"I feel pity for your daughter when I see her", he was to say, "There is nobody there to explain to her what kind of situation she is in. A lucky thing that I had a chance to deliver the gift here, so I could inform you of her plight at the same time [un gebn aykh far aynvegs ir tsar]."

The blacksmith caused an uproar in the house of the father-in-law: it was their only daughter and she had turned out well. They had received good marriage proposals from doctors, lawyers, people with a good income but had turned these down thinking that their daughter would be happier with a wealthy man.

But they had missed the fact that Rozenblum was beholden to a Christian woman who had given away her whole fortune to him. To have their daughters stay at that woman's place was like putting oil and water together.*. May be it was already too late and their daughter had fallen so deeply in love with him that it would be impossible to separate her from him! They felt devastated.

*vi tsvey kets in eyn zak: Comp. Bernstein: tsvey kets in eyn zak kenen sholem nisht hobn.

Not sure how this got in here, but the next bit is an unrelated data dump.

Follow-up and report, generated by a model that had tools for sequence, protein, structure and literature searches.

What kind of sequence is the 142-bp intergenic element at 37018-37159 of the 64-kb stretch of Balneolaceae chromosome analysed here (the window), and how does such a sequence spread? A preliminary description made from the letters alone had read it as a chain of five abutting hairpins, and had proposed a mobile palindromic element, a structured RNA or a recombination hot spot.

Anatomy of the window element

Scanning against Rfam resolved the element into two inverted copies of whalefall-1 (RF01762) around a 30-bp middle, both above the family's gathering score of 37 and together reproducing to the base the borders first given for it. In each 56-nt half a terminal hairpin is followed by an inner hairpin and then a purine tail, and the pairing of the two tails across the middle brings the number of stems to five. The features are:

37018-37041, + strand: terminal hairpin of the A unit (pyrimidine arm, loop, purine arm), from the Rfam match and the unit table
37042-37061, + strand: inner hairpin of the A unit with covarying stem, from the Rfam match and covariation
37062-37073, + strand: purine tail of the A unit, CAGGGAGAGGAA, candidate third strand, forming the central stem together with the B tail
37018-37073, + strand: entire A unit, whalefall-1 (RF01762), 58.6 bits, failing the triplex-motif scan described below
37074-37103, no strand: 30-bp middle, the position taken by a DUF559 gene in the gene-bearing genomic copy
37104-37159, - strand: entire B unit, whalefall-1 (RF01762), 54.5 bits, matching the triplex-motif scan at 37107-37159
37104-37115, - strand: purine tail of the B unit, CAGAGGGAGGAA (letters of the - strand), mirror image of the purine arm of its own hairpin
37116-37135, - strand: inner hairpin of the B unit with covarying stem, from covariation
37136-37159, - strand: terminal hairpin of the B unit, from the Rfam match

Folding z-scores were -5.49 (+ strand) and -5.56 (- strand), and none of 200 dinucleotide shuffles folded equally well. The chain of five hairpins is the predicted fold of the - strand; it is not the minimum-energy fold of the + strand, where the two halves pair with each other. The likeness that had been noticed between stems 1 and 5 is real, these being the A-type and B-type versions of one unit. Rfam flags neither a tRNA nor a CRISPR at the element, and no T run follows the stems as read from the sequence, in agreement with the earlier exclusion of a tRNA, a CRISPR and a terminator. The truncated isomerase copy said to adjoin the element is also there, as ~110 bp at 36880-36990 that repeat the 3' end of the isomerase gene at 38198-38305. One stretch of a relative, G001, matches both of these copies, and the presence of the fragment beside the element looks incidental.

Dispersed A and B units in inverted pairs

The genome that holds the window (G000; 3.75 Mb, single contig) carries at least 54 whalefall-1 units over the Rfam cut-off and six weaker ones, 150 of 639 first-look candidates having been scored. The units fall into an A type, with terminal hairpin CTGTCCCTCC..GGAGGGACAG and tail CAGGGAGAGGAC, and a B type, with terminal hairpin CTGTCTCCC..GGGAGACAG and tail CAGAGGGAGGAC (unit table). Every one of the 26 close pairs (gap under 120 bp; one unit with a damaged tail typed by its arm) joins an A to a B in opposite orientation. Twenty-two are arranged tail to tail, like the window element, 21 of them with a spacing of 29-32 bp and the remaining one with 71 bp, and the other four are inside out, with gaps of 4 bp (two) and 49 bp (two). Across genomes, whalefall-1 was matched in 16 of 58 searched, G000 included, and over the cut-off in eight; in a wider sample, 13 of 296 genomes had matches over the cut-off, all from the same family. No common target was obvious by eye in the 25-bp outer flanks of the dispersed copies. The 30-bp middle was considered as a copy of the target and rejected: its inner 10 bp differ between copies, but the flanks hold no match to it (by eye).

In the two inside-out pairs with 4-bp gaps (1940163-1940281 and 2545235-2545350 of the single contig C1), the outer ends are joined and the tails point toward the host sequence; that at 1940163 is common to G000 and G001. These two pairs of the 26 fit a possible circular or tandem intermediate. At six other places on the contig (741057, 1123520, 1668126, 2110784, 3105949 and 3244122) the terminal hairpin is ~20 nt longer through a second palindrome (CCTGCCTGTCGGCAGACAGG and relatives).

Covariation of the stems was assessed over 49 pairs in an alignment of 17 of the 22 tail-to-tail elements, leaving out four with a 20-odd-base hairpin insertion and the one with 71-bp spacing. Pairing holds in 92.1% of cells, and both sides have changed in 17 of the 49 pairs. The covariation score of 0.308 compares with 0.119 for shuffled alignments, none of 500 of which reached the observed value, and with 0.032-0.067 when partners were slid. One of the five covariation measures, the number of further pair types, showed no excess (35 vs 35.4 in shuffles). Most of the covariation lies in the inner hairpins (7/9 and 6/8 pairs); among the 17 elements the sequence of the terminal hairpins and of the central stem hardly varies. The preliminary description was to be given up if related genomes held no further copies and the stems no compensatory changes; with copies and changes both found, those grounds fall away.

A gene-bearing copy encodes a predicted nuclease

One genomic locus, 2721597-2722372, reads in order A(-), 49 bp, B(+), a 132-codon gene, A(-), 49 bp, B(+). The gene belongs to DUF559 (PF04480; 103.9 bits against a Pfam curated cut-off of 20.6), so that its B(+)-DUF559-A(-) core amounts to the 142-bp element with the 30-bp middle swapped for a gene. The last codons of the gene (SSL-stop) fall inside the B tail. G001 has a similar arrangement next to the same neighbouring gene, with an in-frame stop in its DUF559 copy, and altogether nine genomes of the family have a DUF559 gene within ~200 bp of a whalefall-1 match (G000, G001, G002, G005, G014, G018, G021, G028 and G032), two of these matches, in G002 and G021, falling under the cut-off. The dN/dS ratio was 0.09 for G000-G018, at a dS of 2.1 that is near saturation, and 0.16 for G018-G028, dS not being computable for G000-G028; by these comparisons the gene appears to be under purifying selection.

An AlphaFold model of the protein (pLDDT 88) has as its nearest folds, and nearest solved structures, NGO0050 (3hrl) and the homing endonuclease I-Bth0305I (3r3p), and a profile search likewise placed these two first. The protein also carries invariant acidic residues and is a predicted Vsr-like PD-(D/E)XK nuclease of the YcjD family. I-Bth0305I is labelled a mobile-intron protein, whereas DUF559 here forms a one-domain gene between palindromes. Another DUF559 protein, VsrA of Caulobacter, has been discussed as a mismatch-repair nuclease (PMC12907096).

After much deliberation on how to proceed they decided to write her a letter and to have the blacksmith deliver it to her in person. The letter would say, that they, her parents, missed her very much and begged her to come to Grodno for while. They could not come to visit her, because of the lady of the house. She had been on the farm for a couple of months now, the summer was drawing to an end, so she might as well come home.

They further asked the blacksmith to tell their daughter, that her father and mother were quite worried about her and that her mother was crying a lot. Bad things had been said about her marriage by their adversaries.